Albania’s Ministry of Energy and Infrastructure signed a loan agreement with German development bank, KfW and French development agency, AfD to assist the country in implementing reforms related to the green transition, Albanian Energy and Infrastructure Minister, Belinda Ballku said on Tuesday (6 June).
The loan agreement, worth 100 million euros, aims to support Albania in reforming its power sector. Despite generating 100 per cent of its power from renewables, the country had to import significant quantities to avoid power outages last winter and thus was exposed to the crazy prices of the worldwide electricity market, Minister Ballku said. “This reform has opened the way for the implementation of new policies and projects, and projects which I would call innovative in the field of renewable energy, energy efficiency and remodelling of the domestic market,” the Minister said.
“The reform in the electricity sector has been one of the most challenging processes, but a process that I want to call well achieved and that the Ministry of Infrastructure and Energy, together with the enterprises and sectors it has, has carried out in the past five years. This reform started in 2018, as I said, and it has been a complicated, difficult and challenging process,” the Minister said. “The help of foreign partners has been valuable and it was not without purpose that the instrument of borrowing based on policies was chosen for the realisation of this reform.”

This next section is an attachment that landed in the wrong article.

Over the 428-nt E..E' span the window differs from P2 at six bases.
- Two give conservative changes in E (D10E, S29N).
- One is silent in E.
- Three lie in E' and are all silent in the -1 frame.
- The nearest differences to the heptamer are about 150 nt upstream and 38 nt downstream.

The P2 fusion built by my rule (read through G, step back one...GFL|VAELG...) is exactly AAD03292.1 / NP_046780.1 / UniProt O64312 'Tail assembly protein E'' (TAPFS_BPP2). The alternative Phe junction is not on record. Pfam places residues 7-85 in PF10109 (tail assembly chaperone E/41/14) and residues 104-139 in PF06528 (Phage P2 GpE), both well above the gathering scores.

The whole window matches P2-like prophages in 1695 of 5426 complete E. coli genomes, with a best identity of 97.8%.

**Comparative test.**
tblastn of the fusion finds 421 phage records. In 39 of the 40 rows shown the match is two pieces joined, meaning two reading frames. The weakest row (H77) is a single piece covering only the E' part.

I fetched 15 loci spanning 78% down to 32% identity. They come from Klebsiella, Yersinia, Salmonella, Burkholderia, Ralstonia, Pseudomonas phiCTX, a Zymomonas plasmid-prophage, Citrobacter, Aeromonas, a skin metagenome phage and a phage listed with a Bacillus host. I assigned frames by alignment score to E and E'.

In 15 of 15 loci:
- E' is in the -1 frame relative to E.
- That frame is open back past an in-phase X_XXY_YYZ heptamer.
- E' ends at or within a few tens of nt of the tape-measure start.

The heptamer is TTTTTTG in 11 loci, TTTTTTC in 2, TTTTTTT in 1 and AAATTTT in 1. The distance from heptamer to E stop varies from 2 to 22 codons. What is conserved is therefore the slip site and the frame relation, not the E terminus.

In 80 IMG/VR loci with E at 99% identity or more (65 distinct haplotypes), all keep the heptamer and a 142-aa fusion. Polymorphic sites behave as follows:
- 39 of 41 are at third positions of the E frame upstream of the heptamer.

The loan was made possible thanks to “significant progress” by Albania in implementing the energy sector reform, thanks to the dedicated efforts by all relevant institutions in the sector, such as the country’s Infrastructure and Energy Ministry, Finance and Economy Ministry and the Albanian Power Exchange (ALPEX), AfD said.
The separation of the country’s power distribution operator (ie. unbundling) was one of the main objectives of the reform. “‘Unbundling’ has been my first challenge of 2019, all the leaders who are here in the sector remember well all the work we have done, the efforts. The way we sat down at the table constructively to discuss with each other, but sometimes also clashing with our funders and partners, as it was a reform that required changing a whole operating mentality, but that as I promised in 2019, maybe with slower steps, but surely, we succeeded and today we can definitely say that what we have promised, that is, the separation of the distribution service from other activities related to the supply and reduction of electricity,” the Minister said.
KfW and AFD alongside other international donors, aided Albania in establishing ALPEX, which was launched in April earlier this year. As the Minister underlined, this was also another “milestone” set out in the reform package. “It was a process that required the maximum attention of the Ministry of Infrastructure and Energy, but on the other hand, it also had the support of our partners, step by step throughout this process.”
The Albanian power exchange will be a “guarantor” of energy development and free, transparent and fair power trading in Albania, the Minister noted. At present, ALPEX has 9 operators registered as members, while 16 operators are in the evaluation phase and 4 banking institutions have expressed interest in becoming members, Minister Ballku added.